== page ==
They have lock holes so that you can easily lock up the inside contents. Pelican cases are also very sturdy and simple to mount on.

In the outside rear of our van, we added the Pelican 1640 case that was pretty easy to install. We cut off all the handles and wheels that came on it and mounted it to the inside of the door with an ¼ Inch aluminum backing plate.

Tip: When using a pelican case don’t overload it with a ton of weight because it might make the door sag or completely rip off the door panel if it’s too heavy.


Install Dimmable Lights

Another thing to consider in your build that will help with functionality and stealth camping is installing multiple lights that are dimmable and can selectively be turned on and off for different situations and lighting needs.

For our main lights, we installed six LED Puck Lights that provide plenty of light when we’re not concerned with being stealthy and prefer to have good lighting. We wired them to separate switches for the front and back lights so we can select the kitchen ones while cooking or the bed ones while sitting in the bed.

We also installed dimmable LED string lights all around the ceiling of the van that we can adjust from pretty bright to fairly dim settings through a remote control. When we’re trying to stealth camp, we’ll set the string lights to the lowest setting where we’ll still be able to see everything inside but nobody can see any lights from the outside thanks to our tinted windows.

String Lights With Remote Control

To stay more organized, we also added dimmable under cabinet lights in all the closet spaces underneath the bed. This helps us find clothing items and toiletries easier at night especially in dark spaces like the cabinets.


Add A Roof Rack

Installing a roof rack to our campervan was worth every penny. We installed a DIY roof rack to easily add solar panels and a hangout deck to our van, but could have instead used the space to add a cargo box, carry surfboards, or even add a rooftop tent.

Having a roof rack also makes your van look a bit stealthier by hiding the ceiling fan and solar panels from the side view.

We built our roof rack out of wooden slats, 80/20 extruded aluminum, and other generic parts we got from McMaster-Carr.

When we built our roof rack there were very limited options for buying one already made to fit our Promaster. Now there are a lot more companies selling roof racks and components if you want to save yourself the time and hassle of doing it yourself.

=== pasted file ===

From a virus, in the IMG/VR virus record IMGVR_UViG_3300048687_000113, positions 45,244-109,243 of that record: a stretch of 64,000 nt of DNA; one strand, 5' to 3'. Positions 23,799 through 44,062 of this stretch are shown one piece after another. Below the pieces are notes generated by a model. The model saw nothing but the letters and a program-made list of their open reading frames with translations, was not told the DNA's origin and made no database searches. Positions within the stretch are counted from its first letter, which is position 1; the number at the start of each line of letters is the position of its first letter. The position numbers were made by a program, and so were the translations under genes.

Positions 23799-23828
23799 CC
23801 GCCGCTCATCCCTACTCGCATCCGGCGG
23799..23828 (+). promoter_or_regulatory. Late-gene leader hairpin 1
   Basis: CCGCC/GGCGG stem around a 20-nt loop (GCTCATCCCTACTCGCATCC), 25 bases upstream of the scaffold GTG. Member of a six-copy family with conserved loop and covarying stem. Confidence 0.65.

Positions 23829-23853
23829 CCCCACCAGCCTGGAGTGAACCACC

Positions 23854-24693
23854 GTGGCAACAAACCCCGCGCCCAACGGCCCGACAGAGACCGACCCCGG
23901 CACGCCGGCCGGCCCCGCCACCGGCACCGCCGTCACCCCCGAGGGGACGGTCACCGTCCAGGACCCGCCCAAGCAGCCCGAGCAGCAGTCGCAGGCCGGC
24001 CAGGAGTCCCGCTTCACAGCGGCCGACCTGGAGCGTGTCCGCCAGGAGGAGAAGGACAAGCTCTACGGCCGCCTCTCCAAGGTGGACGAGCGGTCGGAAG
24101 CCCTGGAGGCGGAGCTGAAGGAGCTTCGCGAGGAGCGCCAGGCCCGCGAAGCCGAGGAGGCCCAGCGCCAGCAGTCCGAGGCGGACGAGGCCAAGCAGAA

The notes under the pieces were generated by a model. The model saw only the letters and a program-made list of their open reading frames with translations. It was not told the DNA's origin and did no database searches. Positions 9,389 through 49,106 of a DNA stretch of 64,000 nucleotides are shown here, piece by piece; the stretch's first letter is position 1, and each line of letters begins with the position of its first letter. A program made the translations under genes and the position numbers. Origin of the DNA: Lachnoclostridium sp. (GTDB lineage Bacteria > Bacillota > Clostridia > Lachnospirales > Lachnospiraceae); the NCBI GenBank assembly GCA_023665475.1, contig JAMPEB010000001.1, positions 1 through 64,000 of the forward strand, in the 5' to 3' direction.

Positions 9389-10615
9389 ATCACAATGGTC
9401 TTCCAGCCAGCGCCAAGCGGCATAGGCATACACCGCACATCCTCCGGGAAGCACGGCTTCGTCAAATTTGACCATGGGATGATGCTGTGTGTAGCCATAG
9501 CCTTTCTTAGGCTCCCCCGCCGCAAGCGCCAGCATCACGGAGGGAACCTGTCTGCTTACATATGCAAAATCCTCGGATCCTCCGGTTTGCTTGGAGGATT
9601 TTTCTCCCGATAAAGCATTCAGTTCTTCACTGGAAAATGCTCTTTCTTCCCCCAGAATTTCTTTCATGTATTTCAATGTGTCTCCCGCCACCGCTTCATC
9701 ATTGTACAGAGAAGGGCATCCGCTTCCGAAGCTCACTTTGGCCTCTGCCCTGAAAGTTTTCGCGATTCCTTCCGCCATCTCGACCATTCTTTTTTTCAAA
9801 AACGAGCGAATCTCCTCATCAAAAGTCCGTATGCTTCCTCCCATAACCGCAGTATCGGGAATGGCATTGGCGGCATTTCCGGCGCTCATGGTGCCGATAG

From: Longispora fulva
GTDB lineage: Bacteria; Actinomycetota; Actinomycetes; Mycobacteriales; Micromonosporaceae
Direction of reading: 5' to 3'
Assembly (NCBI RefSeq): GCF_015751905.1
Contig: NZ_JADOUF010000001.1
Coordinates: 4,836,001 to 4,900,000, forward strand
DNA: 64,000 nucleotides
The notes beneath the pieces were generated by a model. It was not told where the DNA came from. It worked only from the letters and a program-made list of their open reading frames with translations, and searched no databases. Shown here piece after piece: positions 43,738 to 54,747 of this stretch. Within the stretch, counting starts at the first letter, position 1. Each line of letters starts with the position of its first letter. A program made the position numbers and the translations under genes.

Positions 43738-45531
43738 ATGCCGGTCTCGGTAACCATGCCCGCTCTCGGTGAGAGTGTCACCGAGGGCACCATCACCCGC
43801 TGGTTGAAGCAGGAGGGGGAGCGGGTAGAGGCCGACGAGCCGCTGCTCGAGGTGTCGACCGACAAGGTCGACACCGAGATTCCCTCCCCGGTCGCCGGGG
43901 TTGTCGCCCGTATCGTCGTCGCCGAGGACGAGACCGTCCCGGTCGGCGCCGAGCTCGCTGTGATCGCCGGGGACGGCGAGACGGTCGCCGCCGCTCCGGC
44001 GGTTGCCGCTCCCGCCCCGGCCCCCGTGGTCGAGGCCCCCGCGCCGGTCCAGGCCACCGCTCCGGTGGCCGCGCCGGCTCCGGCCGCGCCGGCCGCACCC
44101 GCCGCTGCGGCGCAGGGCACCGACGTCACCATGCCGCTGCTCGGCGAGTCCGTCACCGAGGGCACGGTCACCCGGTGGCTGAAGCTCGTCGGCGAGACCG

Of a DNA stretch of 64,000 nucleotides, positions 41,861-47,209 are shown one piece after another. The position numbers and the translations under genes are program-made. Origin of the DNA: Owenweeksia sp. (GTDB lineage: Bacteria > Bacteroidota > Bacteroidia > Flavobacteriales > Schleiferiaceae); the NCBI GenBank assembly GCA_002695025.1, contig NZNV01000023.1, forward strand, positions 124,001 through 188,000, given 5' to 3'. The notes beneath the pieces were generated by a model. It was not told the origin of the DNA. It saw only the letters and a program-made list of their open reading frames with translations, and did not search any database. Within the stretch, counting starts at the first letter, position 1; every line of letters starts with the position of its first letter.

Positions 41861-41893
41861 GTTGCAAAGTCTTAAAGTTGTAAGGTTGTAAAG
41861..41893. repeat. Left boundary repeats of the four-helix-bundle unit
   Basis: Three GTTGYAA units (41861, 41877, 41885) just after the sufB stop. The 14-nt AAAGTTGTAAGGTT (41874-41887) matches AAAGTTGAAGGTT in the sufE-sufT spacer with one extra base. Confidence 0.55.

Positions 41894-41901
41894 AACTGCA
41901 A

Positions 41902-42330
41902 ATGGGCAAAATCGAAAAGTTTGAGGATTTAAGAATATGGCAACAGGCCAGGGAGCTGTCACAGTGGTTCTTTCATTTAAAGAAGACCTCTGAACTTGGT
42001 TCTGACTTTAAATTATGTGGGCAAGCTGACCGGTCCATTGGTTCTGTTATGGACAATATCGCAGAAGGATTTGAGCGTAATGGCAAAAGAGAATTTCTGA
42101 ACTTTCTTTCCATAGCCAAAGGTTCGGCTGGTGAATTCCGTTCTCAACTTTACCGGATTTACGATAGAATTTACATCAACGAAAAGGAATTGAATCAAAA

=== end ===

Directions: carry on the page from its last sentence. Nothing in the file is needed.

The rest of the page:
The upside of having your own DIY roof rack is that you can modify it easily.

When we needed more solar power during our Central America travels, we sacrificed some of the wooden deck space to add more solar panels since the single solar panel we had installed couldn’t keep the battery topped off. We were able to redo our solar panels in a mall parking lot in Panama with a basic toolbox and a bit of sweat equity.


Use Small 1 lb Propane Tanks For Cooking

Having the right setup for our campervan kitchen was one of the most important parts of our build. We love to cook and we wanted to incorporate all the necessities of a basic kitchen set up in our van so we could continue making meals on the road.

Cooking saves you a ton of money when traveling and it’s also a great way to stay healthy and even meet other travelers. There is no better ice breaker for overlanders than sharing a home-cooked meal and a drink!

For our campervan kitchen, we decided to go with a built-in stove to save time on set up and break down for every meal. We had plenty of countertop space so we installed a stationary propane stove top with two burners.

To run this stovetop we use 1 lb green Coleman propane tanks.

We hooked up the stove’s propane line to a Coleman fuel cylinder under the sink and each cylinder lasts us about a week of cooking three meals a day.

Using 1 lb propane tanks for cooking saved us a ton of room inside the kitchen cabinet and made it much safer since traveling with large propane bottles inside a vehicle is never recommended.

We keep an extra 1 lb Coleman tank in our Pelican case in the back of the van along with an 11 lb Flame King propane tank and a propane refill adapter that we use to refill the green Coleman bottles whenever they run out. Together, they hold enough propane to last us for months of full-time traveling and cooking before needing to refill.

Read More: Our DIY Campervan Kitchen Set Up & Essentials


Install A Button For The Rear Camera